Swat Away Health Problems

Swat away health problems
Keeping flies at bay keeps resident illness away*
In a healthcare setting, cleanliness is next to godliness. And in a nursing home or long-term care facility, where older residents may have compromised or weakened immune systems, keeping the residential and nursing areas free from germs is of primary concern. But doing so means more than just wiping down surfaces and sterilizing linens. One important way to keep the facility clean is to eliminate the pests that bring in germs, including houseflies that carry a multitude of germs.

Flies can harbor more than 100 known pathogens, including organisms such as E. coli, Salmonella, and Staphylococcus. Because they feed and lay their eggs on and near decaying organic matter such as garbage and biological waste, flies are literally covered in germs. In fact, a fly might have as many as a half-billion microorganisms crawling around on its body at any one time. As a fly travels from place to place, it deposits batches of these germs on every surface it touches.

The battle against flies is made tougher by the fact that environmental factors at a nursing facility often attract flies. With residents and visitors entering and exiting all day long, flies have ample opportunity to sneak in. Houseflies also are strongly attracted to odors, and healthcare facilities with full-service kitchens and dining rooms regularly produce aromas that entice these insects-often from miles away. Additionally, if foodservice carts are used to deliver meals to residents’ rooms, flies will follow the scent wherever the carts go throughout the building.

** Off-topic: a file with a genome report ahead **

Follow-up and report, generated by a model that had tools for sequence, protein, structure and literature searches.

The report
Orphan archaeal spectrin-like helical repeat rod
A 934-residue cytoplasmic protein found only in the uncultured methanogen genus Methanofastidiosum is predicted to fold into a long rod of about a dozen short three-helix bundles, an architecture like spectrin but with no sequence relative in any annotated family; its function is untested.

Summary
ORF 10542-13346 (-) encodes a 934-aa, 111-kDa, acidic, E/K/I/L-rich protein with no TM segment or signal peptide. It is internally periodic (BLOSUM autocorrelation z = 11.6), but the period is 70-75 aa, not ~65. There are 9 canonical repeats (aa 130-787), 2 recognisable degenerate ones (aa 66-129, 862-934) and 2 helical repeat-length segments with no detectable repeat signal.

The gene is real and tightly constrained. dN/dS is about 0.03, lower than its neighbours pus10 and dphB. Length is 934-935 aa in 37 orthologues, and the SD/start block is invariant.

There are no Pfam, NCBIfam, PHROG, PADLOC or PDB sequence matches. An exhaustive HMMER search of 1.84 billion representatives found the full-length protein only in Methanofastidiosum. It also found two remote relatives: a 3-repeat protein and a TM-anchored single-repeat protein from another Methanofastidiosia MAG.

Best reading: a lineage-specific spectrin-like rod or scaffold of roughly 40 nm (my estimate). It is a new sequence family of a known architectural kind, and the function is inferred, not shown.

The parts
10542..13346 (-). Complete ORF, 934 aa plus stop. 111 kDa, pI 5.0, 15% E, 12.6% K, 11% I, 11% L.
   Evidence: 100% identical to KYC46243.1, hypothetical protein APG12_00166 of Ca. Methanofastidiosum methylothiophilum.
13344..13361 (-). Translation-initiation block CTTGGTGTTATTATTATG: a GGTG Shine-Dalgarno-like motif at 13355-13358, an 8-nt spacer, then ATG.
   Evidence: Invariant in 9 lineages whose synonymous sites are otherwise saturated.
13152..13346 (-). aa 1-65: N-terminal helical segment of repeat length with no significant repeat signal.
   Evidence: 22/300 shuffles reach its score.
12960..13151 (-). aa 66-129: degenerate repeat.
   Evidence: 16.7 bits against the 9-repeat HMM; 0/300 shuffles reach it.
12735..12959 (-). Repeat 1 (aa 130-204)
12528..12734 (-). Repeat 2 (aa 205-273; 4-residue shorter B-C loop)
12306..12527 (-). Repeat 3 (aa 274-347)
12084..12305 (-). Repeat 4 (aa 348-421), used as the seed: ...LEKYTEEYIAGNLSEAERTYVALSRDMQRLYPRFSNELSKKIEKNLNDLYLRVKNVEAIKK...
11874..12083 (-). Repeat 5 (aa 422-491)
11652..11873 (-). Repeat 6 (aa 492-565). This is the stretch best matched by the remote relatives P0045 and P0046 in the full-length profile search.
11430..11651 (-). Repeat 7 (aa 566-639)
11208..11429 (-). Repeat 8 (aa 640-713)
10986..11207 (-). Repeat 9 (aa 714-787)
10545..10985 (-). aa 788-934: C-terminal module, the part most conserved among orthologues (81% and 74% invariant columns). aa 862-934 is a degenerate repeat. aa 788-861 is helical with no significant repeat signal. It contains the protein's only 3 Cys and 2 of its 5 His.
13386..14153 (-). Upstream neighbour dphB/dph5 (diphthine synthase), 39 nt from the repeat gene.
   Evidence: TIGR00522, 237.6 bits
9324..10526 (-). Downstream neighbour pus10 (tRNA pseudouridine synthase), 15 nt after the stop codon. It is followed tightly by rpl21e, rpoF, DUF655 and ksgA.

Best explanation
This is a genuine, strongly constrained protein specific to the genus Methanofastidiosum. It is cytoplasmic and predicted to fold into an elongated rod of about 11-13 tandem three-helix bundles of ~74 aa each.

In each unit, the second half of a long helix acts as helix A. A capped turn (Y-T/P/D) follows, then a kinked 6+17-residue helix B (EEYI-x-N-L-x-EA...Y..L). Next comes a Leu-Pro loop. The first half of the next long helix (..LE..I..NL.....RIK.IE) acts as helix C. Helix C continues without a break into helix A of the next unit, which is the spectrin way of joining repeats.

How do you treat a fly problem, or better yet, prevent it in the first place? The answer lies, in part, in Integrated Pest Management, or IPM, a method of pest control that aims to eliminate the sources of pest problems rather than relying on pesticides alone to curb pest populations. When it comes to flies, several IPM techniques can and should be put into practice inside and outside a nursing home or long-term care facility:


  • Mount outdoor lights at a distance to draw flies away from the facility.
  • Place your exterior Dumpsters as far away from the building as possible and work with your waste management company to schedule routine cleaning or rotation of the Dumpsters.
  • Where lights must be attached to the building, use sodium vapor bulbs, which are less attractive to insects.
  • Make sure all doors and windows close tightly, forming a seal to the outside, and keep all window screens in good repair.
  • At loading docks or other receiving areas, install plastic strip doors to block entry by insects from the outside.


  • In potential fly “hot spots” such as kitchens or near entrances, install fly lights or glue traps to capture fly populations.
  • Employ positive airflow or air curtains at entrances and exits. A steady current of air flowing from the inside out will act as a powerful barrier to flies and other flying insects.
  • Make sure drains are checked and cleaned periodically. Grimy drains are a common breeding ground for many fly species.
  • Empty garbage cans regularly. Trash should not be allowed to collect inside for prolonged periods of time.

Keep in mind that, for every fly seen, there can be many more hidden from view. That means the presence of even one fly is one too many in a healthcare setting. If you think you may have a fly problem, contact a licensed professional and ask for a free consultation on solving it.

Frank Meek, BCE, is Technical Director for Orkin, Inc. As a board-certified entomologist and an 18-year industry veteran, he is an acknowledged leader in the field of pest management. For more information, call (800) 675-4669 or visit www.orkin.com/commercial. To send your comments to the author and editors, e-mail meek0705@nursinghomesmagazine.com. To order reprints in quantities of 100 or more, call (866) 377-6454.
*This is the second of four seasonal pest-management articles to be offered by Orkin Commercial Services in Nursing Homes/Long Term Care Management in 2005.

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